On June 2nd, the Wisconsin Department of Natural Resources (DNR) announced changes to its high capacity well application review process in response to Attorney General Kaul’s May 1 letter withdrawing a former attorney general opinion on the boundaries of DNR’s authority.
This week, DNR moved to issue its new high capacity well process as guidance.
The move is problematic for the same three reasons we laid out in previous posts: it violates DNR’s explicit authority, falls short of necessary rulemaking, and ignores the case on this very issue currently before the Wisconsin Supreme Court.
Though the difference between guidance documents and rulemaking might seem academic, it makes a critical difference for those regulated. Only rulemaking provides adequate due process protections for the regulated community, political oversight by elected officials, and a suitable framework for judicial review of agency lawmaking efforts. As we noted in our latest brief before the Supreme Court:
Crucially, rulemaking allows “clear advance notice of permissible and impermissible conduct.” 1 Richard J. Pierce, Jr., Administrative Law Treatise § 6.8 (4th ed. 2002). It informs the regulated how and when an agency will regulate them. See Connecticut Light & Power Co. v. Nuclear Regulatory Comm’n, 673 F.2d 525, 530 (D.C. Cir. 1982). Thus, rulemaking upholds “[t]raditional concepts of due process…preclud[ing] an agency from penalizing a private party for violating a rule without first providing adequate notice.” Satellite Broad. Co. v. F.C.C., 824 F.2d 1, 3 (D.C. Cir. 1987)
Rulemaking provides necessary legislative oversight. “[W]hen administrative agencies promulgate rules, they are exercising legislative power…” Koschkee v. Taylor, 2019 WI 76, ¶12, 387 Wis. 2d 552, 929 N.W.2d 600. But the legislature does not unreservedly delegate authority. It places checks throughout the process to ensure agencies “remain subordinate to the legislature with regard to their rulemaking authority.” Id., ¶20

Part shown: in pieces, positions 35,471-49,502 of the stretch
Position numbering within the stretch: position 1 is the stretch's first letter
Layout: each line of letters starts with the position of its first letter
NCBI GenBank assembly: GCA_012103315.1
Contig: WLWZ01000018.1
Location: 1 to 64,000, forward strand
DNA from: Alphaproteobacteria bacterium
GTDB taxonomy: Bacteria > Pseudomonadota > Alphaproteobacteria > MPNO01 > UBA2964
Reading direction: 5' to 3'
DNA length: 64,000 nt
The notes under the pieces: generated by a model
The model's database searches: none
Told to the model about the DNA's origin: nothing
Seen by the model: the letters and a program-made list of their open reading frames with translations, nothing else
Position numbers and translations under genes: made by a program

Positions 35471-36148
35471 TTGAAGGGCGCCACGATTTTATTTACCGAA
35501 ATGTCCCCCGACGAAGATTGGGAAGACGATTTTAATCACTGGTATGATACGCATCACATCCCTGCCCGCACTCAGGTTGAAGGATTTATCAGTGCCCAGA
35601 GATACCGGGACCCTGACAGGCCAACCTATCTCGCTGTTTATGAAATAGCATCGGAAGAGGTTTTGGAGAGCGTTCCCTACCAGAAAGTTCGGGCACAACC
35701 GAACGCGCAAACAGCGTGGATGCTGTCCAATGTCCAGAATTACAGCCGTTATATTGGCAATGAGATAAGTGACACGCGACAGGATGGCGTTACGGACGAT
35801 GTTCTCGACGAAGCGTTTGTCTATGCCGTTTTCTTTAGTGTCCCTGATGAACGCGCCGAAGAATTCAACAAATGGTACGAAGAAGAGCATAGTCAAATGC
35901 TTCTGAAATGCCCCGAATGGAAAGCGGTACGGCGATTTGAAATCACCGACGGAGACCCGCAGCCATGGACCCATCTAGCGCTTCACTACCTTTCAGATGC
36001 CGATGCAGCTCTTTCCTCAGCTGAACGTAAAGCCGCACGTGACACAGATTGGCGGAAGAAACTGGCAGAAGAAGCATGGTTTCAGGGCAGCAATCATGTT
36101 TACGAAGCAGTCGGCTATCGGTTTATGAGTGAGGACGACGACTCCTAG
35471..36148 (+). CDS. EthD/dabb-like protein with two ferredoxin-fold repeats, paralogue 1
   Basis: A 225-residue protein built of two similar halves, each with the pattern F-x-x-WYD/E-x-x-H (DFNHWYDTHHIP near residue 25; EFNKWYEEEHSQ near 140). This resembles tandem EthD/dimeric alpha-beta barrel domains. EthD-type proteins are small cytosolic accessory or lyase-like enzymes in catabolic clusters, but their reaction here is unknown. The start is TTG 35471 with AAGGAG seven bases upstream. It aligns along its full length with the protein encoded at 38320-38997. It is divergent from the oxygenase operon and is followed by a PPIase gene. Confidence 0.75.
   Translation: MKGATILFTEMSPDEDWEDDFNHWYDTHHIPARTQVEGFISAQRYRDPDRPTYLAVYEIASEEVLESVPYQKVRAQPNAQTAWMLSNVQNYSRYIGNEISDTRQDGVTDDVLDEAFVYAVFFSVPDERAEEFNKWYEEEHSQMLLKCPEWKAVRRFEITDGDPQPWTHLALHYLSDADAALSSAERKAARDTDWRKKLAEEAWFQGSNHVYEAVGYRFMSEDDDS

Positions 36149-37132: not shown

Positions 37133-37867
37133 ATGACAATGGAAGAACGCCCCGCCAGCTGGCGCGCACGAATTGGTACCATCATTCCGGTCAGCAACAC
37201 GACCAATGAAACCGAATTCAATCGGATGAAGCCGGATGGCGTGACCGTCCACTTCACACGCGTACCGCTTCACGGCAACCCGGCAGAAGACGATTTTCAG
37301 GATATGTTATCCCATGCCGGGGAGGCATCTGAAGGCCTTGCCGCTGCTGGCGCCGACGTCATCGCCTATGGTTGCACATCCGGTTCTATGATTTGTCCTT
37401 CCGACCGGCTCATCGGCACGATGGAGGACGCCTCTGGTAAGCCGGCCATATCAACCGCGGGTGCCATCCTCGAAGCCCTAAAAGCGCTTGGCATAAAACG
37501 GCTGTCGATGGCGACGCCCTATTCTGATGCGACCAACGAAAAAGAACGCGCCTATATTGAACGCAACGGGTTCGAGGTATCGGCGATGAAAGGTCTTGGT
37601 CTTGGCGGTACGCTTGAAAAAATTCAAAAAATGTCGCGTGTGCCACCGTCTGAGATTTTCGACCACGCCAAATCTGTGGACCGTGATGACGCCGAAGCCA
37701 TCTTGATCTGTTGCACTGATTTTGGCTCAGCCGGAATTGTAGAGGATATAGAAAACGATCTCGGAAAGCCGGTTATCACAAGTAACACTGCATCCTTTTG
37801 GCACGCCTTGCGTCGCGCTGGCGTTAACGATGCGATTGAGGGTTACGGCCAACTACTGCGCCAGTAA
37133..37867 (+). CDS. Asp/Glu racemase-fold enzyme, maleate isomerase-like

Finally, rulemaking prevents agencies from exceeding their legal authority. From the start, a scope statement must include the basis for agency action. Wis. Stat. § 227.135. These disclosures bolster a rigorous judicial review. Connecticut Light & Power Co., 673 F.2d at 530 (“Disclosure of an agency’s rationale is particularly important in order that a reviewing court may fulfill its statutory obligations to determine whether an agency’s choice of rules was arbitrary or capricious.”)
Guidance documents simply do not provide the same level of protection as rulemaking, nor are they intended to. Rulemaking is onerous and guidance can be an easier, less intense way to communicate how an agency will interpret the law. But agencies cannot hide behind guidance to avoid rulemaking. And since DNR’s changed policy implicates rulemaking, it must go through the rulemaking process.